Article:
Playing downtown, as opposed to leafier suburbs like Mansfield, home of the Comcast Center amphitheater or Canton, whose Prowse Farm hosts the Life is good Festival, is also part of the draw for the musicians.
“I think city festivals are awesome,” says Jack Antonoff, whose hitmaking pop-rock band Fun. recently won two Grammy awards including best new artist. “When you park a festival right in the middle of a city it really captures the feeling of the city.”
On both days of Boston Calling, the gates will open at 1 p.m. and a beer garden and food trucks will serve up to 20,000 music fans as they listen to tunes from nearly 20 acts playing two stages until 10:30 p.m.
Dessner worked with Bowery Presents in booking his diverse wish list of acts which included Bird, Youth Lagoon, and the Walkmen.
“Anytime you have a festival where the capacity of the festival is up above 20,000 with two days it has to be a range of artists, it can’t be any one slice of music,” said Dessner, whose band is currently at work on a new album due out later this year. “I like it when the lines are blurry between these genres.” But, Dessner says they were sensitive to the space. “We avoided booking anything that would be death metal and shake anybody’s windows off.”
Early bird weekend passes go on sale at 10 a.m. on Friday March 1 and include a general admission pass for $120 and a VIP pass for $325. Single day show tickets will be available soon after.
Tickets will be available at www.bostoncalling.com, www.ticketmaster.com, and with no service fee at the Sinclair box office in Cambridge.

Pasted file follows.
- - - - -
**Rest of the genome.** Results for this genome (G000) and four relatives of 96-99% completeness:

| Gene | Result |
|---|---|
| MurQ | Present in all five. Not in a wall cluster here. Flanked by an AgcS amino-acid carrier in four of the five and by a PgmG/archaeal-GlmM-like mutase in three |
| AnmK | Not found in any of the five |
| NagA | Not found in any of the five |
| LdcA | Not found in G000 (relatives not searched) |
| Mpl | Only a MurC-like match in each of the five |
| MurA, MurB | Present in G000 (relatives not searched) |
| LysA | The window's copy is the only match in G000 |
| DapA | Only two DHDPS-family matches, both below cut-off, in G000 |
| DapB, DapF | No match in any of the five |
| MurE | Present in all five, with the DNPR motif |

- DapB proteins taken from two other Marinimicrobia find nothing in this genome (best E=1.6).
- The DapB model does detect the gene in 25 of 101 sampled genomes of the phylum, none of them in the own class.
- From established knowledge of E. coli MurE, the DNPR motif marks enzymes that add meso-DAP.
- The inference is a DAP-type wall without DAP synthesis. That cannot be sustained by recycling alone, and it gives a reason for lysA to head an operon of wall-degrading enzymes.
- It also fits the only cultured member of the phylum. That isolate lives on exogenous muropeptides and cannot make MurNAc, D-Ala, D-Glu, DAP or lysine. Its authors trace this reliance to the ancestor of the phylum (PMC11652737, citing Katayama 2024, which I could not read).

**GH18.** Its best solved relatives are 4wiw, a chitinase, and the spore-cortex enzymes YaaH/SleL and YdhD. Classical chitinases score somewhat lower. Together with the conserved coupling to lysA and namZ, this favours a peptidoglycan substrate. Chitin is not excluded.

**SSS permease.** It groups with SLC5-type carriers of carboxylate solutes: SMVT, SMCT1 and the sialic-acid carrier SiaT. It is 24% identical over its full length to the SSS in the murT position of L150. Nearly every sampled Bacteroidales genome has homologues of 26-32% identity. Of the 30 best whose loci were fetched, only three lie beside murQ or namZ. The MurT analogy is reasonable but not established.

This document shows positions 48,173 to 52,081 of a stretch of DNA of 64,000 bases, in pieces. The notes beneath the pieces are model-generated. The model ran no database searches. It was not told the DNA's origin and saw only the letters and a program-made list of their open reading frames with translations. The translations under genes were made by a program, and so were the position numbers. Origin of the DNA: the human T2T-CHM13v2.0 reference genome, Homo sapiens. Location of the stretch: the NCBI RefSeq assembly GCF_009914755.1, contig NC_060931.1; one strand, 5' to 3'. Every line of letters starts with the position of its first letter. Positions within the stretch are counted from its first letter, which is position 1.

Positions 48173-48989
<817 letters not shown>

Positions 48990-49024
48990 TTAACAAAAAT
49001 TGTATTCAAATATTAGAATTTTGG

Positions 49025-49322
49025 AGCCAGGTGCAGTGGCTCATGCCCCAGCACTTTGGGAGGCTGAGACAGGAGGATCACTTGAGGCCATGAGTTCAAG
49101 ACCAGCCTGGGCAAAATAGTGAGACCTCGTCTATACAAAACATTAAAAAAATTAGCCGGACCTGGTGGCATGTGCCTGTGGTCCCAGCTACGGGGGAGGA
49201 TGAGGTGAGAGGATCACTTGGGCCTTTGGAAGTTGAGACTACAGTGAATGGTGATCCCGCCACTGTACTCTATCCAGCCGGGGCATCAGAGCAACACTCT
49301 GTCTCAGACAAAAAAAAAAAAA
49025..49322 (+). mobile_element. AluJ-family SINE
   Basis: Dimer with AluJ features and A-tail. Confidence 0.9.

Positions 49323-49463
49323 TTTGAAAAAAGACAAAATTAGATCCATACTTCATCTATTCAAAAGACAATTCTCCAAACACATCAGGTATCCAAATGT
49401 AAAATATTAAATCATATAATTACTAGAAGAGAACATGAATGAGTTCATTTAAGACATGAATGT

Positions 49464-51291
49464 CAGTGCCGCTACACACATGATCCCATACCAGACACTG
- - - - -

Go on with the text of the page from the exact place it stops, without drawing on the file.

For the first edition of the festival, all involved say ticket sales will not be the only barometer of success (although a sell-out would be nice); they will also take into account the flow of the music, and concertgoer feedback.
“Building a festival is no different than when you’re in sixth grade and you have a crush and you make a mixtape for a girl you like,” says Antonoff of Fun. “You’re just trying to put something together, all these little parts, one plus one plus one is going to equal a million instead of three. And I think that’s what you have here, some of my favorite bands. This is a festival that if I wasn’t playing, I would spend hard-earned money to go see. That, for me, is the greatest honor, to be part of something that you know is cool and thrilling just looking at it from the outside.”
“I think success will be determined,” says Bhatti, “by people saying, ‘I can’t wait for the next one.’ ”